The United States District Court for the Middle District of Florida recently held that an insured’s bad faith claim must be abated because the insured had not yet prevailed on its underlying breach of contract claim. See Stewart Title Guar. Co. v. Machado Family Ltd. P’ship No. 1, 2017 WL 3622006 (M.D. Fla. Aug. 23, 2017). In the case, the insured was the assignee of a title insurance policy and a mortgage on a 1,300-acre property in Central Florida. The insured’s borrowers defaulted on the mortgage and filed for bankruptcy protection. As part of the settlement in the bankruptcy action, the borrowers agreed to convey the property to the insured, however, the insured then discovered errors in the legal description of the property, which prevented the transfer of the property. The insured filed a claim with the title insurance company, but the company allegedly responded only with a “handful of emails and a few telephone calls” and nothing more. Almost two years later, the insured prevailed in the bankruptcy action and obtained the property. The title insurance company then agreed to pay the insured’s attorneys’ fees for the bankruptcy action, but the parties could not reach an agreement as to any additional damages the insured may have suffered “such as diminution of value of the Property resulting from timber taken by the [borrowers].” The title insurance company filed this action, seeking a declaratory judgment that it had no further obligations under the title insurance policy. The insured filed a counterclaim alleging breach of contract and bad faith.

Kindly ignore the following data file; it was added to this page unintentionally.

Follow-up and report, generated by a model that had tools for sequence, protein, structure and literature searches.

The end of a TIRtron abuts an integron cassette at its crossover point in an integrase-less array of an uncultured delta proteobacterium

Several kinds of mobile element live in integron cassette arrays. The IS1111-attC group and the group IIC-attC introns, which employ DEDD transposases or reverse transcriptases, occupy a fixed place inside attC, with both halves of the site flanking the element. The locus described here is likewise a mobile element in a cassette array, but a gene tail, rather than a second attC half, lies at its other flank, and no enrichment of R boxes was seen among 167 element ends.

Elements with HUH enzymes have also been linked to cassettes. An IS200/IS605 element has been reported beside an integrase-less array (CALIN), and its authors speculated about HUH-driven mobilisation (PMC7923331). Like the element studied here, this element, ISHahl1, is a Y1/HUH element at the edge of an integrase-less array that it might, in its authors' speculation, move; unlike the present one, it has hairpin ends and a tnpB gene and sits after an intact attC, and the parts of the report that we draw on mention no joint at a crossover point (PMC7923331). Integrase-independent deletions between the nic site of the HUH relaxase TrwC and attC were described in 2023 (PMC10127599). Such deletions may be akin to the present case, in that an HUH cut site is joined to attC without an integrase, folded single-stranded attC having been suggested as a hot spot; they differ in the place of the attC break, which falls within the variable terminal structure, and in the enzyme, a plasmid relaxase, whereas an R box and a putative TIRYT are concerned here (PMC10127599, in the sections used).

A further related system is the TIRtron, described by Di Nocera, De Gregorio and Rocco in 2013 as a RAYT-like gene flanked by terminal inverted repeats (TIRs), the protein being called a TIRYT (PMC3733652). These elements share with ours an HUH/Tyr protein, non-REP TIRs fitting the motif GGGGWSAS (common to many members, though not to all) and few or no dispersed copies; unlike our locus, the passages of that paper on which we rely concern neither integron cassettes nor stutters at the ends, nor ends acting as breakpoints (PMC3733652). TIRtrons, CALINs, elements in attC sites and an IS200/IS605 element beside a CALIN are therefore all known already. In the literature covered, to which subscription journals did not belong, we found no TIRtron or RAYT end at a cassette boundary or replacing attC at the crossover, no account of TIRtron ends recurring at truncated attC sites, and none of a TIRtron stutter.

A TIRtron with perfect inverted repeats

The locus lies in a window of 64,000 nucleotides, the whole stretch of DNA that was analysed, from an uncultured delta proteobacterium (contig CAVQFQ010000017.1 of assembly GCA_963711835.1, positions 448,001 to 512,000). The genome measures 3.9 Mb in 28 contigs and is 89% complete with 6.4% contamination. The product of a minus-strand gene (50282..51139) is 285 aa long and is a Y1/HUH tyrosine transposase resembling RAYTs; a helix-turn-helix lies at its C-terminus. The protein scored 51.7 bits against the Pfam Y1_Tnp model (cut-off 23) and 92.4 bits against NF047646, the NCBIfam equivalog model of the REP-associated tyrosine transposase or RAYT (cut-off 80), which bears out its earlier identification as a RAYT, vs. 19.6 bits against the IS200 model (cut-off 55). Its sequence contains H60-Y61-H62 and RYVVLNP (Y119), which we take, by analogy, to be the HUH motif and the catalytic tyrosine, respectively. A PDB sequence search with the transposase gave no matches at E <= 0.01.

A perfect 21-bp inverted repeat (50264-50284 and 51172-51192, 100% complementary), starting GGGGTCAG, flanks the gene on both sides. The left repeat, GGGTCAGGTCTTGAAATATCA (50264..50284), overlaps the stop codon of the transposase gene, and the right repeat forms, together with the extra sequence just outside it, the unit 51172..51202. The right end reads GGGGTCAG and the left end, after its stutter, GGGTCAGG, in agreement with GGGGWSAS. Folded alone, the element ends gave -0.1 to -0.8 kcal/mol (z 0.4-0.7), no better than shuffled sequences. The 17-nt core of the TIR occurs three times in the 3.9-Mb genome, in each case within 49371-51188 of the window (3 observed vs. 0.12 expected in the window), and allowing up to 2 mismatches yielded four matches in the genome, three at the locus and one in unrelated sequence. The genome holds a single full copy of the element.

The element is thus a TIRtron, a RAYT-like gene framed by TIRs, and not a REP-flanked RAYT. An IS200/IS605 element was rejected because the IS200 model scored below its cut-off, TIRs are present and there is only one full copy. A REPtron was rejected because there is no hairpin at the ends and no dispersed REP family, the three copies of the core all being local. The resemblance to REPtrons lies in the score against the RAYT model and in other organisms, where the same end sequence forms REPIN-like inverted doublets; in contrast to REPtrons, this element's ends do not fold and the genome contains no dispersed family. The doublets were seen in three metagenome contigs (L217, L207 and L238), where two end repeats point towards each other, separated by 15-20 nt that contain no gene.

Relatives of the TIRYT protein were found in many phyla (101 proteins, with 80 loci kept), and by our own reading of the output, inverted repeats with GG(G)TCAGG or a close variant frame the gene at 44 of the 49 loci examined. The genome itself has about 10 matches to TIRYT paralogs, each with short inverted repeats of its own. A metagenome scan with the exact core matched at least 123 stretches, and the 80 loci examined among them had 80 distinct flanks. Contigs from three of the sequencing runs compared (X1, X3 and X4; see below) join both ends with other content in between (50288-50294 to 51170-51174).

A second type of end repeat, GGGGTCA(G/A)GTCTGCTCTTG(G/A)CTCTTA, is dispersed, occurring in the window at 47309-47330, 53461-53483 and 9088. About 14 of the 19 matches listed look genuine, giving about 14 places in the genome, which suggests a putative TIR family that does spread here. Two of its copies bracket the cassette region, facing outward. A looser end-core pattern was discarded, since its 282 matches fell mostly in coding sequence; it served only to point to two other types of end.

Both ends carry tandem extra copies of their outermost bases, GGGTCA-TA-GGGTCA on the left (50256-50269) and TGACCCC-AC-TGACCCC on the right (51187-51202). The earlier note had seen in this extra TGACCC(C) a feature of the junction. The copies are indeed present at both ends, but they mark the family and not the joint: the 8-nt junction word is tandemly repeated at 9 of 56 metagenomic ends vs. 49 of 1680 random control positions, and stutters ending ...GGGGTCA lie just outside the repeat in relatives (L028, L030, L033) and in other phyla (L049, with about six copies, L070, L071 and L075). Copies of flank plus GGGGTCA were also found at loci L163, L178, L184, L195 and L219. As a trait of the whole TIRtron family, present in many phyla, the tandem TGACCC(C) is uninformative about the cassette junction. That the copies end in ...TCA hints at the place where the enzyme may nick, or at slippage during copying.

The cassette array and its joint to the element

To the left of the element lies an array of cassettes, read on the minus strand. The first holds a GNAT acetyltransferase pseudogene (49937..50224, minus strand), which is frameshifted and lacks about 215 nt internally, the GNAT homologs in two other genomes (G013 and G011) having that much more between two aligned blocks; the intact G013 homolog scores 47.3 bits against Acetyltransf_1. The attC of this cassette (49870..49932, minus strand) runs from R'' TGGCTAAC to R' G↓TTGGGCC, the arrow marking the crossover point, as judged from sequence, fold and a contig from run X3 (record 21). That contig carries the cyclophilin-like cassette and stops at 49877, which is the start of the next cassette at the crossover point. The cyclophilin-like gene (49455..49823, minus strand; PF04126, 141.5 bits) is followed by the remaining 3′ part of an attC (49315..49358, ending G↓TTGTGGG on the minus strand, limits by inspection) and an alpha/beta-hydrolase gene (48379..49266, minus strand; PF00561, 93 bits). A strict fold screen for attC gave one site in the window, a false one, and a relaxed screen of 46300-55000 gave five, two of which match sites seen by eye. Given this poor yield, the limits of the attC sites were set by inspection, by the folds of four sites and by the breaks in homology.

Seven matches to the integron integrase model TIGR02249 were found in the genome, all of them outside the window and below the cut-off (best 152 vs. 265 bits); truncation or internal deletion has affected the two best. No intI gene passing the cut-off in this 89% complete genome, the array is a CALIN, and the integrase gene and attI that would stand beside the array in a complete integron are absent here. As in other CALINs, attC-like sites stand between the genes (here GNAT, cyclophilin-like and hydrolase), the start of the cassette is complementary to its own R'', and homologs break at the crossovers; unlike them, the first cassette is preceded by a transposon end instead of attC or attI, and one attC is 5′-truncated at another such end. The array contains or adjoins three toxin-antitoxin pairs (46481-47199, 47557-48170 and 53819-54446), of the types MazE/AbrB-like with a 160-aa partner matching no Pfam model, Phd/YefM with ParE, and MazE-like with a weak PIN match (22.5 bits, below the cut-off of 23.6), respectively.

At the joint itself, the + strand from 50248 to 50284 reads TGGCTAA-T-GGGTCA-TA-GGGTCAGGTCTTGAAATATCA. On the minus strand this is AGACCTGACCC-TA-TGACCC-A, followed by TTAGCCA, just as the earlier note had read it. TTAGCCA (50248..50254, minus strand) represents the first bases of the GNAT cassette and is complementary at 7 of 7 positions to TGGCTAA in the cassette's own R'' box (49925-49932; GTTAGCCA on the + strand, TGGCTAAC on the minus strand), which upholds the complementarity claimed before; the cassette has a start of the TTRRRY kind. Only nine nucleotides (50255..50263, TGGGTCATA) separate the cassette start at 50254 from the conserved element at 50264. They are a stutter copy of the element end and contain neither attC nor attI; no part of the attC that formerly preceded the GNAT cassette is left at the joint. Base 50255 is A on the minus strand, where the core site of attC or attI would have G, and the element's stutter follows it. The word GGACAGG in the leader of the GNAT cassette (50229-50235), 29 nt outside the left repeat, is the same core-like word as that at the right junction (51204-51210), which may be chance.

The title insurance company moved to dismiss the bad faith claim as premature because there had not been a determination as to liability. The insured opposed, arguing that the title insurance company was estopped from asserting coverage defenses because it had already made a payment under the policy. The Court agreed with the title insurance company and held that a bad faith claim cannot accrue until the insured prevails on its underlying liability argument. However, the Court held that the bad faith claims should be abated rather than dismissed.